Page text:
Tag Archives: social change

This Book is Anti-Racist: 20 Lessons on How to Wake Up, Take Action, and Do the Work

Written by: Tiffany Jewell

Illustrated by: Aurélia Durand

For ages: YA middle grades and up

Language: English

Topics Covered: BIPOC Narratives, Social Justice, Activism, Anti-Racism, Anti-Bias, Education, Community Organizing, Self-Empowerment, Self-Reflection, Race Theory, Own Voices.

Summary: 

Alright so we might be a little late on this book coming out, but our lives are a bit wonky (just like everyone else’s!) and we’re just getting around to writing about this brilliant book now.  Seriously, where to even begin? This is the book we all need when we’re young.  Written by powerhouse Tiffany Jewell and beautifully illustrated by Aurélia Durand, this book was carried around and devoured immediately upon arrival to our house.  

This Book is Anti-Racist takes what young people know about the world and themselves and expands upon it, empowering young people to stand up for themselves and others by understanding the systems of oppression that are at work everyday.  While this and so much more social justice education should be typical curriculum in schools, it’s often not.  Even CRT classes are hardly offered in teacher education programs, which is a travesty.  In order to create ripples of change, we need education.  Not addressing the white supremacy and oppression that subversively operate is what keeps the wheels of marginalization turning effectively.  This book is one that can be sand in the gears, teaching readers to examine their own lives and the world around them while seeking out ways to change it for the better.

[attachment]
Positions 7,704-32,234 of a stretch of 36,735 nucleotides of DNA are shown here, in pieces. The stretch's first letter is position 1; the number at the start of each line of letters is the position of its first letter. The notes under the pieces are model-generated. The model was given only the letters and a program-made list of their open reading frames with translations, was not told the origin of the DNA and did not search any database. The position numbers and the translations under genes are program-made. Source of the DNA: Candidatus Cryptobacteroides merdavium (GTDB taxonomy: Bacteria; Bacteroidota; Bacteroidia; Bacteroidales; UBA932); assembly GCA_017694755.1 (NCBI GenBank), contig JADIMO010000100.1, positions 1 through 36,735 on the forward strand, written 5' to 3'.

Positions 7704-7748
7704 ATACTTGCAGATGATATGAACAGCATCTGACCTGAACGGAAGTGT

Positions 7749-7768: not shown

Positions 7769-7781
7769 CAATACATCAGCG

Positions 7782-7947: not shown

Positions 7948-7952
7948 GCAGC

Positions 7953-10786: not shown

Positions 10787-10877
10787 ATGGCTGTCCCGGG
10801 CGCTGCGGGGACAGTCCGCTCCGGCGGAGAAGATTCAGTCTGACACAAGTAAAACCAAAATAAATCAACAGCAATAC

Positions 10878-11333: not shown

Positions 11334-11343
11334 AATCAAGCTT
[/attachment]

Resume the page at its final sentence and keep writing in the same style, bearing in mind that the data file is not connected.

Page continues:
Brilliantly created, this book is required reading for every single human on the planet.

About the Author & the Illustrator:

0115_RW_Tiffany_Jewell_photo_credit_James_Azar_SalemTiffany Jewell is a Black biracial writer, antiracist educator and consultant, and mama. She spends her time baking bread and macarons, building LEGOS, watching British detective shows, and dreaming up how she can dismantle white supremacy. Tiffany currently resides on the unceded traditional land of the Pocumtuc and the Nipmuck with her two young activists, her partner, and a turtle she’s had since she was nine years old. She is in her 15th year as a Montessori educator and nearing two decades of work in schools with young folks, families, and educators. This Book Is Anti-Racist is her first book for children and young adults (and definitely not the last). Follow her on social media @tiffanymjewell.

Portrait-Aurélia+DurandAurélia Durand’s art is a vivid celebration of diversity. She dedicates her artistic voice in making representation matters. Aurélia represents Afro-descendants as joyful, proud, and empowered — a united community whose destinies are intertwined. These colorful personalities present the unified voice of a global community whose hopes, dreams, and desires present a future inclusive of all. 
Aurélia has made a wild variety of creations with augmented reality, animations, paintings, murals, and illustrations.
She has been working with different clients such as Adobe, Facebook, GIPHY, DIPSEA, Instagram, Tinder, Apple music, Standford University, QuartoKids, Refinery 29, Califia farms, ESPN, and more.
Recently she illustrated the book “This book is anti-racist ” through the publisher “Quarto kids” printed for the US, Canada, and the UK.
Take a look at her Instagram: www.instagram.com/4ur3lia/

 

Usha and the Stolen Sun

Written by: Bree Galbraith